Keen to impress the fact that rising infections in areas like Lisbon are not translating into serious illness or pressure on the health system, President Marcelo has made a case for ‘changing the risk matrix’ which has been the yardstick by which authorities regulate the country’s slow deconfinement.
What needs to be taken onboard now, says the head of State, is the “growing level of immunity” within the Portuguese population – either by dint of people having been infected naturally (which gives a stronger immune response than the vaccines) or by having received at least one shot of the emergency-approved vaccines.
He told journalists that obviously this is his opinion, and he must leave decision-making to the government and the specialists advising them, adding nonetheless that he is aware “there is a growing number of specialists who are saying we have to start re-thinking”, and the government seems to be in tune with this narrative.
Said Marcelo, things need to change “for a very simple reason: the world will open. Sooner or later we are going to return to more normal activity…”
These words came ahead of tomorrow’s meeting at Infarmed which is expected to outline ‘new restrictions’ for the summer and hear from the specialists on various aspects of Portugal’s epidemiological situation.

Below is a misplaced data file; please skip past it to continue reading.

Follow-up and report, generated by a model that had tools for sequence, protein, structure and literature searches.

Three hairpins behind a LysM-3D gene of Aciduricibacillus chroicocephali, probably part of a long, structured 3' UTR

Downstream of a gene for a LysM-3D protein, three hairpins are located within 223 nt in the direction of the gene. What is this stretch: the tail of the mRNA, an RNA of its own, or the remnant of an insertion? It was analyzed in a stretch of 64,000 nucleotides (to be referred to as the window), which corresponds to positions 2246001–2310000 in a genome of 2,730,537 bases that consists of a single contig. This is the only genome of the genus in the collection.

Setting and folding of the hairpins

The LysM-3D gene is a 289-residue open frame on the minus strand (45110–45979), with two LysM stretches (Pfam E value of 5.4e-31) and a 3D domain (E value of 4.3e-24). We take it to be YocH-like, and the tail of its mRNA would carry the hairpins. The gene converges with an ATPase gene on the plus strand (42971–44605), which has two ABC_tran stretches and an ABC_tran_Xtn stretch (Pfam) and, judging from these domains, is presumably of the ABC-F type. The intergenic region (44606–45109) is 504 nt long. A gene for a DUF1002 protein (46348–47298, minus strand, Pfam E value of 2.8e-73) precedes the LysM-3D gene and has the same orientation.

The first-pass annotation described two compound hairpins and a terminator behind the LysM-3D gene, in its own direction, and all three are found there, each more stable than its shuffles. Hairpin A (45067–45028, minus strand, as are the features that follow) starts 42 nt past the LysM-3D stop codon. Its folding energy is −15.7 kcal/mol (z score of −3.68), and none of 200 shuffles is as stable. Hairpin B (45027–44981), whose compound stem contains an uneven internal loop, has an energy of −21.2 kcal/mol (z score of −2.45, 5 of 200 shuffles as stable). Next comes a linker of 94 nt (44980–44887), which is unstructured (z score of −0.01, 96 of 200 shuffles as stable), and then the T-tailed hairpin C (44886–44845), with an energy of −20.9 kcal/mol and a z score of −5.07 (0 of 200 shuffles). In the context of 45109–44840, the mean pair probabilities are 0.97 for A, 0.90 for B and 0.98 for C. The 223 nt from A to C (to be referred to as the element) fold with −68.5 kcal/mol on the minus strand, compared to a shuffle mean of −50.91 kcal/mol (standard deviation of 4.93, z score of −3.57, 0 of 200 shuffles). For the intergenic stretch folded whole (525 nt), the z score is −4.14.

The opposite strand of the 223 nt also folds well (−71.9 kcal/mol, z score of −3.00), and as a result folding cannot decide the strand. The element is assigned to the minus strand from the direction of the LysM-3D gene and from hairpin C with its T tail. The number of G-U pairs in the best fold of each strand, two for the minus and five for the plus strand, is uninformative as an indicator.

But what was encouraging was that the President is clearly expecting case numbers to rise over the next weeks, if not months – and is not overly concerned by the prospect.
His ‘argument’, explains Público, is that “if there is an appreciable rate of immunity within the country, there is no reason in terms of life and health to justify indefinitely halting the economy and society”.
“Life has to continue, no matter how sensitive we are to some lives and some health situations that exist. Life has to continue and will continue in the coming months and years, as will other epidemics – although not as long-lasting and complex as this one”.
This change of heart has nothing to do with trying to “artificially escape from the application of criteria” on areas like Lisbon – where rising case numbers have been the topic of the week – but more to do with “weighing-up the situation in light of new data.
“And the new data is this: today we have practically all people over the age of 80 vaccinated, practically all people over the age of 70 vaccinated, practically all people over the age of 60 vaccinated and a very significant number of those in their 50s as well. We’re now moving into the over-40s and over-30s groups”. It is time to “look with other eyes, because the reality is different”, said Marcelo.
Yes, it would help if young people took heed of all health advice and controlled their behaviour. But “there is no need for any kind of alarmism”, stressed the president.
His idea for a slightly altered risk matrix is to take transmission and case numbers into account, but include into the equation how these are pressuring health services, how these are affecting intensive care units (currently treating just 53 people in a population of 10.2 million), and how they are affecting mortality.
To date in Portugal 846,434 people have tested positive for SARS-CoV-2 since the start of the pandemic. Of this total, 17,022 have died – the overwhelming majority over the age of 70. It is a percentage of 2 deaths in every 100. This percentage however is currently in freefall (see story to come).